Teenagers ...need Help! (Long)

Lounge By CakesByJen2 Updated 21 Jan 2009 , 10:31pm by sueco

CakesByJen2 Posted 6 Jan 2009 , 9:30pm
post #1 of 38

I am having a lot of problems dealing with my 13 year-old daughter. It's been going on for a couple of years, but is getting worse, and I am not dealing with it very well.

Granted, it could be much worse, she's not doing drugs, cutting school, having sex, sneaking out, or anything like that. But she is extremely moody and volatile, and very hateful and disrespectful to all of us (but so far not at school, just home). She is TOTALLY self-centered and selfish, NEVER shows any concern or consideration for others, and seems to lack the ability to empathize at all, thinks she is above rules about things like videogame use, bedtimes, etc., and generally seems determined to make the rest of us miserable. I realize it's normal for teenagers to be more moody and to be self-centered and lazy, but her attitude and behavior seem to go beyond normal to me. I am certain I was not like this, especially at that young an age, and I would've had good reason to be rebellious as my parents were extremely unreasonable, overbearing, and controlling.

As long as she's getting her way, she's not as bad, although it's like pulling teeth to get her to help at around the house at all, and she delights in tormenting her 6 yo brother (beyond what I think is normal sibling bickering), which is a constant disruption so that I can't get anything done, and I'm always stressed out. BUT, the instant she doesn't get her way about the least little thing, no matter how silly and trivial it is, she becomes totally irrational and throws a fit, lashing out at everyone around her, usually just verbally, but occasionally physically. She gets out of control and seems unable to get a grip and pull herself together. She will go on and on, despite my warning her she's crossing the line and better drop it and go to her room to cool off, until she pushes me to the point of having to do something drastic to get her attention, like ground her, take her phone or videogame away, etc. Then she becomes almost hysterical crying, begging for another chance, and promising to be good. Usually at some point during the ordeal, I lose it and say things I probably shouldn't.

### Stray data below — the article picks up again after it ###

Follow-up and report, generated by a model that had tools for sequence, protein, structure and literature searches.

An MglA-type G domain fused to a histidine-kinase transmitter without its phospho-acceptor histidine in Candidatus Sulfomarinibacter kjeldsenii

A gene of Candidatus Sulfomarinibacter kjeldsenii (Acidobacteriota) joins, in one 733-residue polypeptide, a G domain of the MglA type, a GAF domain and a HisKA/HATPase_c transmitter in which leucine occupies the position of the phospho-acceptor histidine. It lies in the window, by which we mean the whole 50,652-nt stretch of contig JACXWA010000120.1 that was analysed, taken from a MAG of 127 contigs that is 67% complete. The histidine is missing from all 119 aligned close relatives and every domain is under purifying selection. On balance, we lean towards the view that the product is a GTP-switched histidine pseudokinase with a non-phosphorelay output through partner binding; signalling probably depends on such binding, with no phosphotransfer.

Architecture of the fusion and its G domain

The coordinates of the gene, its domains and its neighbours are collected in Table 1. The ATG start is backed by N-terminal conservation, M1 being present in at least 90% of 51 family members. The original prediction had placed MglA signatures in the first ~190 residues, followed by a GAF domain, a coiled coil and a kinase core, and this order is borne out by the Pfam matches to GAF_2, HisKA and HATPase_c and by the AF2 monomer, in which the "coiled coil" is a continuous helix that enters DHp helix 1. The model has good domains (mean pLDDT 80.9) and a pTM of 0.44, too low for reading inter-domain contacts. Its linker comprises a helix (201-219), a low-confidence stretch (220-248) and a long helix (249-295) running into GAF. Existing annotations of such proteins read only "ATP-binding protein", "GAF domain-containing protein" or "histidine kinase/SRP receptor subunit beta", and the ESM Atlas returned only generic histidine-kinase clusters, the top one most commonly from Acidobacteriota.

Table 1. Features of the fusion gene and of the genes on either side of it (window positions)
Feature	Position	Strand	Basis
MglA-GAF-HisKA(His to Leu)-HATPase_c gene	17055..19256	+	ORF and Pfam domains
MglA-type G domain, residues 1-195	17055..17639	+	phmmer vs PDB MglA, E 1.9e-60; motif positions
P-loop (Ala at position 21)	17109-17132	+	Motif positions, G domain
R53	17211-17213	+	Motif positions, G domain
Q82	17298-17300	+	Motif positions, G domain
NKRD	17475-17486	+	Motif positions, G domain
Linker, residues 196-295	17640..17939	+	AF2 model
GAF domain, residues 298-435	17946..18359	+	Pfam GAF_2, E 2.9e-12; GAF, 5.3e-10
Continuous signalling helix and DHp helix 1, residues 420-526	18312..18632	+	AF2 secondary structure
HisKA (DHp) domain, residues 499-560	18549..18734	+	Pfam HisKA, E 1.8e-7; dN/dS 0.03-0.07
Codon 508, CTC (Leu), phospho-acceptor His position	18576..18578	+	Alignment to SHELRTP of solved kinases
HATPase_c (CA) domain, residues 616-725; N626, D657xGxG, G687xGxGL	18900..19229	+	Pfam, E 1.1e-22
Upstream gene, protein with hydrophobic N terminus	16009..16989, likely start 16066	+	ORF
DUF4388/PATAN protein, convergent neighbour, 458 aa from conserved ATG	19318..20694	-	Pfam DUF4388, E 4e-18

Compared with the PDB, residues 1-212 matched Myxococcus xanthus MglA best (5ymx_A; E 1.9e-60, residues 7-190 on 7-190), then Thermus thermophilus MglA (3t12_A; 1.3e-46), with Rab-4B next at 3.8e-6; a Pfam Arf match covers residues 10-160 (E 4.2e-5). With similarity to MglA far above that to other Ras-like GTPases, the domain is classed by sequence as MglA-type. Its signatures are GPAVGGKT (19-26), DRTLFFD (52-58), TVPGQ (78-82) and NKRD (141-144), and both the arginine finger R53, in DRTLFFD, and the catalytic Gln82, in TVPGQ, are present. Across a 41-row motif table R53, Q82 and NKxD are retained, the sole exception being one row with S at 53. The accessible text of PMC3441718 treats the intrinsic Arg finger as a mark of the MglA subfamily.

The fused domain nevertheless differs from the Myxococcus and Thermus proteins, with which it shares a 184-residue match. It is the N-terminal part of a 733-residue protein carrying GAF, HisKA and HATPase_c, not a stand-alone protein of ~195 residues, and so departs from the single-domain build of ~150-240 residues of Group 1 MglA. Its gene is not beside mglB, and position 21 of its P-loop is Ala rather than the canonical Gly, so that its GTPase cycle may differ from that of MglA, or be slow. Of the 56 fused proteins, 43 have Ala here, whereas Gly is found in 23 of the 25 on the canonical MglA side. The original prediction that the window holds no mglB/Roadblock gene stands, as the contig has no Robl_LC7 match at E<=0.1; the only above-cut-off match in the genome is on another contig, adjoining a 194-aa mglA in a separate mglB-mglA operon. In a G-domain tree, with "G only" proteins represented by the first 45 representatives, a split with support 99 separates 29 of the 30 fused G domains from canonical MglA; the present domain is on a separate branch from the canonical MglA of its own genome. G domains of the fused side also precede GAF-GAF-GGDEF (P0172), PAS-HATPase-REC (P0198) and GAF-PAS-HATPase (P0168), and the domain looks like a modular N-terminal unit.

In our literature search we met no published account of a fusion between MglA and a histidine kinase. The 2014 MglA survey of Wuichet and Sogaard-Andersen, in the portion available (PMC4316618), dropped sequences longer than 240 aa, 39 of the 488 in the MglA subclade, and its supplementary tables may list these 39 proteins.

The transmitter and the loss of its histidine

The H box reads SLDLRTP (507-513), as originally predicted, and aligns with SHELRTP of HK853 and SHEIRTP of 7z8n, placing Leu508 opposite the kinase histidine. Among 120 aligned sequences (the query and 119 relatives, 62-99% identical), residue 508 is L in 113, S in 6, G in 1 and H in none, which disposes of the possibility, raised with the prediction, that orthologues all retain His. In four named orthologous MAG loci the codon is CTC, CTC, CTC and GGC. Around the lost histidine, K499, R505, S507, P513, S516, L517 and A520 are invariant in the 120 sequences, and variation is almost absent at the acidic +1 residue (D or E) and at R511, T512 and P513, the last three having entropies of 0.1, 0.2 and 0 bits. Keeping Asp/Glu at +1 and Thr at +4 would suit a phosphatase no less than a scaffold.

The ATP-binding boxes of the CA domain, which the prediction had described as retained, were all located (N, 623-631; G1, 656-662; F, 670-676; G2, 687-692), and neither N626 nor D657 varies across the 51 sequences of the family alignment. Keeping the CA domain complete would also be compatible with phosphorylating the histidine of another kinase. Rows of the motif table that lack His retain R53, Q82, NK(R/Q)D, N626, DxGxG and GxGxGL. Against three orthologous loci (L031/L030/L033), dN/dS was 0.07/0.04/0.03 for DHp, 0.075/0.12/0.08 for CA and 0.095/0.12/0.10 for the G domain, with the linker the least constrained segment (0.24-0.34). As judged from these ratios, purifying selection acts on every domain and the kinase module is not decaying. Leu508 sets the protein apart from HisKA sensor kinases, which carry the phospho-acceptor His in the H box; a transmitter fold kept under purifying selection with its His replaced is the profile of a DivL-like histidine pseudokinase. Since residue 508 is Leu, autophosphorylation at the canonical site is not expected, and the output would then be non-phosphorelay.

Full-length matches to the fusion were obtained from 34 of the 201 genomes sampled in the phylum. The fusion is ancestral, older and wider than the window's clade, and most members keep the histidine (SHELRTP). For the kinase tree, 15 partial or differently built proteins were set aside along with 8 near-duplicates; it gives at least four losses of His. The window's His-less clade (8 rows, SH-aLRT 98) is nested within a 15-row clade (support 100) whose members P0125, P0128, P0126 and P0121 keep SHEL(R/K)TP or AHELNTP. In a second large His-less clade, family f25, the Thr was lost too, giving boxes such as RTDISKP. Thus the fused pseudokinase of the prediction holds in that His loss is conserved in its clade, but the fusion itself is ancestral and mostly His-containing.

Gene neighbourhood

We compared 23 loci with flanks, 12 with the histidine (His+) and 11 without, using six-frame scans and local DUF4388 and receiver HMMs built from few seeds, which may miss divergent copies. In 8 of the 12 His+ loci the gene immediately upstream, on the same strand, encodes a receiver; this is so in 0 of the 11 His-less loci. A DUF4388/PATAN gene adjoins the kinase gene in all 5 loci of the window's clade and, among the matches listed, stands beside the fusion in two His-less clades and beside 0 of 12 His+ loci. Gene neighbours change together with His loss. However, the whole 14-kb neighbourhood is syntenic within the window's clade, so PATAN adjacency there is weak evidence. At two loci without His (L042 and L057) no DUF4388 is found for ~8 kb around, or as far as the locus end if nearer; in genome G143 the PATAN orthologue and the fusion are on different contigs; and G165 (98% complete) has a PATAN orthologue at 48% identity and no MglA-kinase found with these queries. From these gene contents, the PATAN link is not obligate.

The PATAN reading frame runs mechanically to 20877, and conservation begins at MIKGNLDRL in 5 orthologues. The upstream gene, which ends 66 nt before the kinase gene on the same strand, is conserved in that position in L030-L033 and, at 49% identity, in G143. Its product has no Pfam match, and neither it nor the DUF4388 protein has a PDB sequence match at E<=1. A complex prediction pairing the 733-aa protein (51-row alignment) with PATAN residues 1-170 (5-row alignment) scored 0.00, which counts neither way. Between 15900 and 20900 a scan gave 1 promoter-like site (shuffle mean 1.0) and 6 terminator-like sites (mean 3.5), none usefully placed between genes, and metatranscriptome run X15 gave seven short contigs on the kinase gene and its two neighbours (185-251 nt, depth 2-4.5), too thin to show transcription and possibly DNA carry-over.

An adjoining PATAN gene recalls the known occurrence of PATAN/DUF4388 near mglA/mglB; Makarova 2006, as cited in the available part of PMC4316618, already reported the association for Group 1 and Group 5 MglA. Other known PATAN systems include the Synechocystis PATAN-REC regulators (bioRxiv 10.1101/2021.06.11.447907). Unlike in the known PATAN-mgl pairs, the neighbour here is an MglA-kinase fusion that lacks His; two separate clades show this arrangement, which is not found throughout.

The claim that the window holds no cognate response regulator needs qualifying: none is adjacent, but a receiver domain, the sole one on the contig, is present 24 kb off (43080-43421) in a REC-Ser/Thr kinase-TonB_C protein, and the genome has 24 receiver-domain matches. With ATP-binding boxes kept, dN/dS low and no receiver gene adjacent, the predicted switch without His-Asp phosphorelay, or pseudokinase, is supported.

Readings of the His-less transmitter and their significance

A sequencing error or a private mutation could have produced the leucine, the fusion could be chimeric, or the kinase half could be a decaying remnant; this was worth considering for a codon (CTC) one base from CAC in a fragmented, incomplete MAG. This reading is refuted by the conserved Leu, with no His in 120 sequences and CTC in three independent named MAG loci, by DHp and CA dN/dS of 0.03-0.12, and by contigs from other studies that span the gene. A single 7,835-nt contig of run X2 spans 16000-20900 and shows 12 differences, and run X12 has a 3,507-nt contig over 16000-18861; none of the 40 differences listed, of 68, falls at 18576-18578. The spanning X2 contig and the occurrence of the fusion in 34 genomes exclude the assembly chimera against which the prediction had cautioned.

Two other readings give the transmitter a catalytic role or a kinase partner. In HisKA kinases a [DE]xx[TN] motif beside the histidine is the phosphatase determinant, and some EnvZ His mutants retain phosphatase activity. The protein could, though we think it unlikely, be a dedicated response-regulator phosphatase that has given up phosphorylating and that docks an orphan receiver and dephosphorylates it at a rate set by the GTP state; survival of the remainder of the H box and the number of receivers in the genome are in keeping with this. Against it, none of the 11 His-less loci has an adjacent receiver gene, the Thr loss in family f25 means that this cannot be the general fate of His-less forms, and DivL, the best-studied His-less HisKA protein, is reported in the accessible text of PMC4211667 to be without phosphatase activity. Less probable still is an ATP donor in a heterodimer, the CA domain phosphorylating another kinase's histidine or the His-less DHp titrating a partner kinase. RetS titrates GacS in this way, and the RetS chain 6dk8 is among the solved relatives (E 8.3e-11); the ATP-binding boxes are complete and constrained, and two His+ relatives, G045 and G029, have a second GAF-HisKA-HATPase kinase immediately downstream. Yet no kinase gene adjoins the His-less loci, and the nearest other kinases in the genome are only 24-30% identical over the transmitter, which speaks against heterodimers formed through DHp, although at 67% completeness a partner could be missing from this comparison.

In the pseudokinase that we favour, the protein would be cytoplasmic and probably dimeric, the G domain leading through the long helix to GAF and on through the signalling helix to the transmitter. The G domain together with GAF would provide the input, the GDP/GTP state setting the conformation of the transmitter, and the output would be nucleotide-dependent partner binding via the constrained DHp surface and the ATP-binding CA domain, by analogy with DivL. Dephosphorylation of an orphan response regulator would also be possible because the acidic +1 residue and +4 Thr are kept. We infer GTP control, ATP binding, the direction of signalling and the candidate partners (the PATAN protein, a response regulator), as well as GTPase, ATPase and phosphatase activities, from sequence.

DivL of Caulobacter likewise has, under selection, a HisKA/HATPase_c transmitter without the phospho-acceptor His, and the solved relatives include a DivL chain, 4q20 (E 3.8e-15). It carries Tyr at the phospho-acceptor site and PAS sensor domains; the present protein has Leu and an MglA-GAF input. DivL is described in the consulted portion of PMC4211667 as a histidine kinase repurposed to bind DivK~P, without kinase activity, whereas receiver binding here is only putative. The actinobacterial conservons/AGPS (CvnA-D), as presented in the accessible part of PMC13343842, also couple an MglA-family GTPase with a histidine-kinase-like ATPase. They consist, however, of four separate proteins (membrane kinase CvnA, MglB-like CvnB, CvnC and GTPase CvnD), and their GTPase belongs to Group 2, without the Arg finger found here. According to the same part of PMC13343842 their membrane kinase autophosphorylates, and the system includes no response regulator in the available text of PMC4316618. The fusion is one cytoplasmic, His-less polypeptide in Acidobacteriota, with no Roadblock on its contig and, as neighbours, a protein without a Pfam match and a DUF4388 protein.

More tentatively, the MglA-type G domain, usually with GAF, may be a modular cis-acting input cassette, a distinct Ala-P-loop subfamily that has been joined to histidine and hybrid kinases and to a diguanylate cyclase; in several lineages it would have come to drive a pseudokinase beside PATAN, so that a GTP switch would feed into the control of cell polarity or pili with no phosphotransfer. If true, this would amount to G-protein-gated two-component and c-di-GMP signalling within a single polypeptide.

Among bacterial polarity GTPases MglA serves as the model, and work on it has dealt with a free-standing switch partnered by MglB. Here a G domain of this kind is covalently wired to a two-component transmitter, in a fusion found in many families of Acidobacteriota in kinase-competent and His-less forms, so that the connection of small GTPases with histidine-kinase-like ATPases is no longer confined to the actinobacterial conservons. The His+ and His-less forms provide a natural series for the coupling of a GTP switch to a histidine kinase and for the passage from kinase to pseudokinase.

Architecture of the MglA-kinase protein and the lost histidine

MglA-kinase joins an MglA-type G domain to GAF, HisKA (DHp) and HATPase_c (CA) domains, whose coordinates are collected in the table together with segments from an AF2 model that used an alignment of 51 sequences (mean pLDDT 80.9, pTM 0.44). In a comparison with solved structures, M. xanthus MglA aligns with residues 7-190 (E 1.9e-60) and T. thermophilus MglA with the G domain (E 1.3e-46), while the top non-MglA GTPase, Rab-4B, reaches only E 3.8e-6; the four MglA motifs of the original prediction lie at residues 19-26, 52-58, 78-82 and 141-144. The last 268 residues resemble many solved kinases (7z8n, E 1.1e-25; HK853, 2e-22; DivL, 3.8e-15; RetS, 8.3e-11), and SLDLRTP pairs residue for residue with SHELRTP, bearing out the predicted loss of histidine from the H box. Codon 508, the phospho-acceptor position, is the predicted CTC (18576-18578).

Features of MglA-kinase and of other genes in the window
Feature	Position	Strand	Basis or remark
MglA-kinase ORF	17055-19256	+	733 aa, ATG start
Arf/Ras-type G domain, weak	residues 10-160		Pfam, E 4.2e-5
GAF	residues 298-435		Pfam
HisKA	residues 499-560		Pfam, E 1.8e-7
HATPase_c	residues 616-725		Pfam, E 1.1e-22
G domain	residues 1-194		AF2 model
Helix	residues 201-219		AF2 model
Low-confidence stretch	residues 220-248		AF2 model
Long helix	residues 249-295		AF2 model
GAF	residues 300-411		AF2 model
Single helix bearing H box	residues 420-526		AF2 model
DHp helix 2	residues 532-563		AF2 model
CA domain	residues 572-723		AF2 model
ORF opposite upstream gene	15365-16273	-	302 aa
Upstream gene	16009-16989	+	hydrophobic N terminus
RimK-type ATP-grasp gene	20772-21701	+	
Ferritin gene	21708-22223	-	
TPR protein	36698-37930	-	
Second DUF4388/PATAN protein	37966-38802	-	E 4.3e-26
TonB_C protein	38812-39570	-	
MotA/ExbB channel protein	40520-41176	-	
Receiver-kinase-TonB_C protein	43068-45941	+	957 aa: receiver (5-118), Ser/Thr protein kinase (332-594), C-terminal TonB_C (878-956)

She seems to have a totally unreasonable, irrational sense of entitlement, more than the other kids her age that I know. She doesn't just WANT to get her way all the time, she really seems to think she is SUPPOSED to get her way all the time, and that what SHE wants at the moment, no matter how trivial, is more important than anything or anybody. And when she doesn't get it, she goes off the deep end. She can never see that she is in the wrong, and never accepts any responsibility for the consequences.

I just don't know what happened. When she was little, she was soo good and sweet; never threw a tantrum until she was 12! She has not been spoiled with material things, but my husband has definitely spoiled her discipline-wise. I've always had to be the bad guy. He will not discipline the kids, and almost always give in to their whining, and he often undermines my authority. Part of it is being too lazy to get off his butt and DO something, part of it is just wanting to do whatever it takes to shut them up at the moment, and part of it is his need to be liked, and to be the favorite parent. He is almost pathological in his need to please people and avoid confrontation, and he does whatever makes HIM the most comfortable, rather than doing what is best for the kids, and the whole family, in the long run. He lets the kids boss him around and be disrespectful, and has always put our daughter on a pedestal and treated her like the queen of the household. I have tried to explain how damaging this is for the kids, and our pediatrician even requested he come to her check-up to discuss it, but he refused. I think deep down he knows what he does is wrong, but isn't willing to face up to it or change, because it makes HIM uncomfortable.

But I am tired of the constant stress and strife, and I am truly concerned for what kind of future she will have if she continues to be this unreasonable and irrational. She is very much like my younger brother, who has had many problems in his adult life because of his inability to accept responsibility for his actions and the consequences, and being unreasonable and irrational in his dealings with people at times, coupled with very poor judgement and poor choice of friends. Thankfully my daughter at least has a good group of friends that are all good kids with good parents.